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Torbert MacDonald


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Kennedy involvement in the assassination of Dien is interesting subject. Torbet MacDonald’s administrative assistant claimed that MacDonald did a lot of secret work for JFK. He never talked about this work. This included a secret trip he made to Saigon to meet Diem.

Torbet MacDonald who was JFK’s roommate from college and one of his closest friends. MacDonald was a member of Congress from Massachusetts and often accompanied JFK on his trips. For example, he was with JFK when he made his first visit to LBJ’s ranch where he met all his mates from Texas.

It has been pointed out that it is strange why McDonald is not mentioned in books written by other JFK’s aides. Robert Kennedy also does not even mention MacDonald in the long interviews he gave for the Kennedy Library.

Another interesting fact about MacDonald is that he gave an interview with the Kennedy Library after JFK’s death. However, it was sealed and not published. It was eventually released in 1995 but was found to contain nothing of importance. Was it censored? What did Macdonald say that meant it had to be sealed.

MacDonald also died during the early stages of the House Select Committee on Assassinations. He was only 59. Was he about to be called to appear before the HSCA? I have the email address of Macdonald's son. Do you think he is worth contacting?

James, do you have a photograph of Torbet Macdonald? (John Simkin)

Sorry this has taken so long but it is taking me ages to sort through boxes of material.

James

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Thank you for that James. I will add it to my page on Torbet MacDonald.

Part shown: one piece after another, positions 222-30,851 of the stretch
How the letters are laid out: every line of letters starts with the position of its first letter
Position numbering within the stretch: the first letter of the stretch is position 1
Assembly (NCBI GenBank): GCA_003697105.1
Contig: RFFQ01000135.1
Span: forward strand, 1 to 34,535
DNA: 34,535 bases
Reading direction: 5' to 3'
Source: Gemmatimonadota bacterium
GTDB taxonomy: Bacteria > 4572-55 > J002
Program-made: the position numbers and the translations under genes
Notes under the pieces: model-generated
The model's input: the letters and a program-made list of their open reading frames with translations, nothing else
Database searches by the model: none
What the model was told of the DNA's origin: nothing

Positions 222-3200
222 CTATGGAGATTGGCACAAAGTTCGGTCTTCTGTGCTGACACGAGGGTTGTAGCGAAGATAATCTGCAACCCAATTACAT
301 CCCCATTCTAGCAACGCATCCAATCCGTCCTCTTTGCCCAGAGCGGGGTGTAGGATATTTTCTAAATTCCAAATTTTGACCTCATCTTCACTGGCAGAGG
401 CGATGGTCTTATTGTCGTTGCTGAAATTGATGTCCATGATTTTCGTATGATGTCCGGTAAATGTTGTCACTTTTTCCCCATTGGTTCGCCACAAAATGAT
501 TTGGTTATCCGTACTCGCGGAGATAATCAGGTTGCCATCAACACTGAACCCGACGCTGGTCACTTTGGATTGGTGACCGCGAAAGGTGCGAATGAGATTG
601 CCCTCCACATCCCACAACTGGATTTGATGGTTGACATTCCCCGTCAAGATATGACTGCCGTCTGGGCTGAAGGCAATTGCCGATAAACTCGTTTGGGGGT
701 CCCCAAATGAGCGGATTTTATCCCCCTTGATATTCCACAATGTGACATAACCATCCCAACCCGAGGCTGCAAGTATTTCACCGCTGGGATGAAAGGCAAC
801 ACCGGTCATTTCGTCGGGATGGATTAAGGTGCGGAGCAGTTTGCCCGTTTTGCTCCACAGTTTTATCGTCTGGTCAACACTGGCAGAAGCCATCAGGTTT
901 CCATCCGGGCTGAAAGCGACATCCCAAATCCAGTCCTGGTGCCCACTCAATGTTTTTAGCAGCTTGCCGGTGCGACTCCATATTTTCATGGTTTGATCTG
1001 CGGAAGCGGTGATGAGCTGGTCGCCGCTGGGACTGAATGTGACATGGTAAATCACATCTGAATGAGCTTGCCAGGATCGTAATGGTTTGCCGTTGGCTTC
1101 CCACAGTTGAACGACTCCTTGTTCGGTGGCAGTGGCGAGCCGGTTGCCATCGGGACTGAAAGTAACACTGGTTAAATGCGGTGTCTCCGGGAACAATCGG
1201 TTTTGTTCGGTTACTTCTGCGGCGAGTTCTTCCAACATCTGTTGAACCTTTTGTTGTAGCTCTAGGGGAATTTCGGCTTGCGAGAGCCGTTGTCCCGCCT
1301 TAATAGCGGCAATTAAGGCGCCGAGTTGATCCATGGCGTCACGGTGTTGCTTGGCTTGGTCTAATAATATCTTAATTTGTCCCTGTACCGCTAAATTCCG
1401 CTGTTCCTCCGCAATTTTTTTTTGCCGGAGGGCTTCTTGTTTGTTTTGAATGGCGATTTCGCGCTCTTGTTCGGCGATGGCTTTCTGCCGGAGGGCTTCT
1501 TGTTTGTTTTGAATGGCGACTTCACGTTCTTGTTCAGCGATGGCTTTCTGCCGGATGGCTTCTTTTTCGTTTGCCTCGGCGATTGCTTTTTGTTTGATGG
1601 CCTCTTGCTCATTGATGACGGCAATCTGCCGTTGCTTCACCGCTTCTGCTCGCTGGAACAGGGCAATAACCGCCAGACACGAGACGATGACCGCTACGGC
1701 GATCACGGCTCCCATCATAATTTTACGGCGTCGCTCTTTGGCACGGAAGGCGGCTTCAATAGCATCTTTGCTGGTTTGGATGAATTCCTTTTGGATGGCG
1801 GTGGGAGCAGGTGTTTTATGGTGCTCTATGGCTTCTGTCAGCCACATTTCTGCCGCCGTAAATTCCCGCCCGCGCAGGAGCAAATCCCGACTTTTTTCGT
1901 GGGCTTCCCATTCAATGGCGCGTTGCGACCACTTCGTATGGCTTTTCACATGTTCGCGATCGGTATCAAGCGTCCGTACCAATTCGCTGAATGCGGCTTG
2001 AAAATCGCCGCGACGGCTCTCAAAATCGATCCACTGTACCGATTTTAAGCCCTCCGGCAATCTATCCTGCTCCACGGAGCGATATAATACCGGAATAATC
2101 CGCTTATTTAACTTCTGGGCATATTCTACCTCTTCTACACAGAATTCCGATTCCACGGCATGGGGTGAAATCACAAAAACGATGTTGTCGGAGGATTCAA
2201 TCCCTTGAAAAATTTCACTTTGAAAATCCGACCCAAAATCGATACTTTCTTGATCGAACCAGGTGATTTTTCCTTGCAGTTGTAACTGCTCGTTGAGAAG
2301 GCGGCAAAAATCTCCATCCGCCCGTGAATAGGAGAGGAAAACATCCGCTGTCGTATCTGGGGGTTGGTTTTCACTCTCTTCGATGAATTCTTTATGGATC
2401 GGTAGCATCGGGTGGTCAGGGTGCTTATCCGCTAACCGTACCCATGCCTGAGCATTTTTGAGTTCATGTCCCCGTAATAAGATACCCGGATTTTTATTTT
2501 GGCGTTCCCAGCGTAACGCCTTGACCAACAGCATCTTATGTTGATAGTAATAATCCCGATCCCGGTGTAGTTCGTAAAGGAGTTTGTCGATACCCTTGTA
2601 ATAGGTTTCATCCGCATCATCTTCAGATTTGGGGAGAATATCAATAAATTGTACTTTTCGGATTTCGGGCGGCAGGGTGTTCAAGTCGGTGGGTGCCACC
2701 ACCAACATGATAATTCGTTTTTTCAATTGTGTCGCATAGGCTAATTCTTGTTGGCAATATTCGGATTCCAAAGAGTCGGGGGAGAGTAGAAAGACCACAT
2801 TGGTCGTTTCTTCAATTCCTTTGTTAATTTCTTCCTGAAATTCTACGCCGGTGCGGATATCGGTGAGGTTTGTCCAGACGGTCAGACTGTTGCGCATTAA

http://www.spartacus.schoolnet.co.uk/JFKmacdonaldT.htm

Torbet MacDonald was part of the group that included George Smathers, Grant Stockdale and Eugene Hancock. It would be interesting to discover if MacDonald was involved in the activities of the Serve-U-Corporation or Automatic Vending.

Evelyn Lincoln's husband Harold Lincoln worked for Torbet MacDonald. I get the impression from Evelyn's two books on JFK she got a great deal of the "background" information from Harold who was really into politics. Is it possible that Evelyn's views on the assassination came from Harold via Torbet?

Evelyn Lincoln, letter to Richard Duncan, a teacher at Northside Middle School in Roanoke (7th October, 1994)

"As for (sic) the assassination is concerned it is my belief that there was a conspiracy because there were those that disliked him and felt the only way to get rid of him was to assassinate him. These five conspirators, in my opinion, were Lyndon B. Johnson, J. Edgar Hoover, the Mafia, the CIA, and the Cubans in Florida."

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John,

It is also interesting to note that during the late 1950's, MacDonald made several trips to South East Asia on tours to promote trade with the United States. He also monitored trade between Communist China and the Phillippines.

James

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It is also interesting to note that during the late 1950's, MacDonald made several trips to South East Asia on tours to promote trade with the United States. He also monitored trade between Communist China and the Phillippines.

Very interesting. Any links with Concoran, Pawley, Helliwell, Singlaub, or Shackley?

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It is also interesting to note that during the late 1950's, MacDonald made several trips to South East Asia on tours to promote trade with the United States. He also monitored trade between Communist China and the Phillippines.

Very interesting. Any links with Concoran, Pawley, Helliwell, Singlaub, or Shackley?

Not directly, but it's a fascinating question. I believe MacDonald thought Hong Kong was being used as the conduit.

MacDonald's first trip was in 1955. Ramon Magsaysay was in charge of the Philippines at the time and let's not forget that he was very close with Ed Lansdale. Correct me if I'm wrong but I believe Lansdale left there in 1954. Even so, he still would have had Magsaysay's ear. Interesting sources for information.